Google Earth has set new standards for visualizing geographical information systems (GIS) data. Great for viewing the worldâ€™s sightseeing spots, your house, or the nearest hotels and restaurants at your business, or, holiday destination. But thatâ€™s a bit limited. The full extent of rich scientific, and other, GIS datasets often cannot yet be easily converted for viewing in Google Earth, because of differences in formats. Speak to anyone at various geographical or scientific databases these days and you often hear the same question: â€œHow can we get our data into Google Earth?â€ New computing tools are now emerging, however, that are changing this situation.
Visualization of geographic and other spatial data has been revolutionized by Google Earth, launched by Google in June. Google Earth sets new standards in effortless and stunning 3-D visualization of spatial datasets, and its fast zoom-and-click Earth browsing capabilities have overnight made the many maps and globes that dot the websites of the worldâ€™s scientific and other agencies seem clunky, slow, and dated.
But visualization is just one aspect of geographical information systems (GIS). Itâ€™s the last, and arguably, one of the easier, steps in a long drawn-out process of collecting, processing, and analyzing data. Without all these stages beforehand, and the complex software needed to achieve them, one wouldnâ€™t have much meaningful data to visualize in the first place. What would be great would be to be able to quickly view and manipulate many large existing GIS spatial datasets, from disaster management to science, in Google Earth.
And thereâ€™s a problem; Google Earth, a mass-market product which deals only with visualization, was never intended as a replacement for GIS software, and lacks all the data analysis aspects. Google Earth also uses a lightweight XML language to represent data, called KML, which can be grasped in an evening.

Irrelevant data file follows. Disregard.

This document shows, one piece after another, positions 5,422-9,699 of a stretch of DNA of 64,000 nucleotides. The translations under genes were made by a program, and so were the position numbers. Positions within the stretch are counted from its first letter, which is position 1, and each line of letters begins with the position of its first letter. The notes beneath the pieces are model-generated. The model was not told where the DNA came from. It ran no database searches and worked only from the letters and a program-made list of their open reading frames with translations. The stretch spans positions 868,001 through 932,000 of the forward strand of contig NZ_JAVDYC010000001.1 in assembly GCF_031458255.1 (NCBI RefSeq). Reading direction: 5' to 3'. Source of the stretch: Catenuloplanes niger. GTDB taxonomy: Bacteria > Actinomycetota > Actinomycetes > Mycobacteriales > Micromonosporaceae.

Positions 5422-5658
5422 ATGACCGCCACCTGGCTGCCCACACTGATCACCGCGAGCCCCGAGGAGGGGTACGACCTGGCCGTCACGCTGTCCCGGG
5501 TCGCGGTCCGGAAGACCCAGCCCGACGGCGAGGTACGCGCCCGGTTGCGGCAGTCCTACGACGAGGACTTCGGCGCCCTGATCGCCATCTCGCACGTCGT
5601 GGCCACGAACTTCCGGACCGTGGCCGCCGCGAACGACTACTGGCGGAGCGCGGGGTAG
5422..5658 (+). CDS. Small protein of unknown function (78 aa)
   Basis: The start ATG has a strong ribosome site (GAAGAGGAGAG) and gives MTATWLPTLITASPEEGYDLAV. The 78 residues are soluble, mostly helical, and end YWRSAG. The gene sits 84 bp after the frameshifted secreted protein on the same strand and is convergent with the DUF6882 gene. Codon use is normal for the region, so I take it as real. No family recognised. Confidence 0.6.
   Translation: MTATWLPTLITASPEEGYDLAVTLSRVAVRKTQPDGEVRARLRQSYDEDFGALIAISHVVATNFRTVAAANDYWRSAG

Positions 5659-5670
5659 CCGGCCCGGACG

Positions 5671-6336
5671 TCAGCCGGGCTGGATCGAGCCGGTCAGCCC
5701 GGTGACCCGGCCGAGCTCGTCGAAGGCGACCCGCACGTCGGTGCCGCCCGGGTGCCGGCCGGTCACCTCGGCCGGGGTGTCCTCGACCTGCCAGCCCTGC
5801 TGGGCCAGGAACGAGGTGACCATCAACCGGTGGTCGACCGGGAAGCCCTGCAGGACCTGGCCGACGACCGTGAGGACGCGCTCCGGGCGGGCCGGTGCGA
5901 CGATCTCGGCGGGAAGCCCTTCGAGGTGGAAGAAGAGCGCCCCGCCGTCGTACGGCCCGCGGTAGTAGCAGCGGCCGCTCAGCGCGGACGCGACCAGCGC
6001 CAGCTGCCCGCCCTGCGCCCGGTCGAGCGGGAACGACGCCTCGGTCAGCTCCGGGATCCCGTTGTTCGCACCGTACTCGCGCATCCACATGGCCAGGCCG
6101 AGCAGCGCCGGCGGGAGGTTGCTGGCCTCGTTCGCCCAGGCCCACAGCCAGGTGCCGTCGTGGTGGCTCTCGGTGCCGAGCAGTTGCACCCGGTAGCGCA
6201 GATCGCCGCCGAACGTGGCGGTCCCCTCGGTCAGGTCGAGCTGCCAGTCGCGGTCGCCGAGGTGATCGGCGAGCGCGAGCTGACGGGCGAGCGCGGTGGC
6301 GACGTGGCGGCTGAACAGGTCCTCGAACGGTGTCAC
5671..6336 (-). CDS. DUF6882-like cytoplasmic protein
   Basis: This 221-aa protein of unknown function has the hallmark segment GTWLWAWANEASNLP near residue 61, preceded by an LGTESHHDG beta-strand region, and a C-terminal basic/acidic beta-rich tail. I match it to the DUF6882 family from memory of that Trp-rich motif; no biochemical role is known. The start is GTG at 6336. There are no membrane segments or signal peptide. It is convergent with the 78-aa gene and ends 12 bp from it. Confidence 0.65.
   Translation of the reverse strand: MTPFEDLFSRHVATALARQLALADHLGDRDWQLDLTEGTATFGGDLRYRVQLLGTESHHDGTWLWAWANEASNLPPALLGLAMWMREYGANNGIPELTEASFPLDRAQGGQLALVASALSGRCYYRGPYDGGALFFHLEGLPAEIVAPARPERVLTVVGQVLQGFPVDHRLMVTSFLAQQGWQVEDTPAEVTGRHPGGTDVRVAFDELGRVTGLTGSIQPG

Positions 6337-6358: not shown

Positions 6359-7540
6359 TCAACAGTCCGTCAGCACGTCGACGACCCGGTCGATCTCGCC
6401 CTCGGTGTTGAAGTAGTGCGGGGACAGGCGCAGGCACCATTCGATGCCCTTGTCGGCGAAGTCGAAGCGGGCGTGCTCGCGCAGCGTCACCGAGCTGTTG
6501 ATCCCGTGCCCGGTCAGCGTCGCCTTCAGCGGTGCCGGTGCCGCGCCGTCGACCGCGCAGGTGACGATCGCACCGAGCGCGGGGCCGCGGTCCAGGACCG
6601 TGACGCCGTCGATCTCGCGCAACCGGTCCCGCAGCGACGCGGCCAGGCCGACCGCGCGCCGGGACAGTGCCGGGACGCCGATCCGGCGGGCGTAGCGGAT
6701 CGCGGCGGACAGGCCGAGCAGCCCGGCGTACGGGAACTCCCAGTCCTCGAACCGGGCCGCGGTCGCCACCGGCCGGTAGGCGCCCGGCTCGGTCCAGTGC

But most of the vast amounts of GIS data on the planet are in formats that so far have not been straightforward to output in kml. The most popular GIS software is that developed by the industry, ESRI, the Redlands, California, company founded as the Environmental Systems Research Institute in 1969 — there are open source source alternatives, such as Quantum GIS which I’ll discuss in later posts. Its formats, including the humble ‘shapefile,’ have become the de facto standards for GIS data worldwide. A shapefile, for example, defines spatial information and data tables, and is composed of the following main filetypes:
â€¢ .shp â€“ the feature geometry.
â€¢ .shx – the index of feature geometry.
â€¢ .dbf â€“ database file of the attribute data of features.
â€¢ .sbn and .sbx – spatial index of features.
â€¢ .prj – coordinate system information.
Shapefiles are one of the most common formats used by scientists and other GIS users for working with spatial data. But so far it has not been easy to convert a shapefile to the kml needed for Google Earth to plot such data.
Thatâ€™s now changing. A swathe of new tools is now emerging, from the basic to the highly-functional, which allow shapefiles and other formats to be easily converted to kml, and so to be visualized in Google Earth. One of the most functional is Arc2Earth, scheduled for release in January, developed by Brian Flood, president of Spatial Data Logic systems. I’d the pleasure of evaluating a pre-release version of this, and used it to convert data from the Global Registry of Migratory Species database.
These tools mark progress, but of course require that you are have ArcGIS. More generic solutions to converting shapefiles to kml have been slower in forthcoming, although some scripts can do part of the job. The open source GIS players have, as far as I can see, also been slow to provide KML export to their products, but correct me if I’m wrong.
Meanwhile ESRI itself is scheduled to release in first quarter 2006 ArcGis Explorer, a free visualization tool, which is being billed by observers as a Google Earth killer, the screenshots, and comments from developers who have given it a tour, suggesting it does all that Google Earth does, but much, much, more — a Google Earth on steroids.
So the new year looks guaranteed to be a rich period for new GIS and visualization tools. One result, no doubt, will be that we will soon be seeing more large and extensive databases online in ways that are easier to view and manipulate.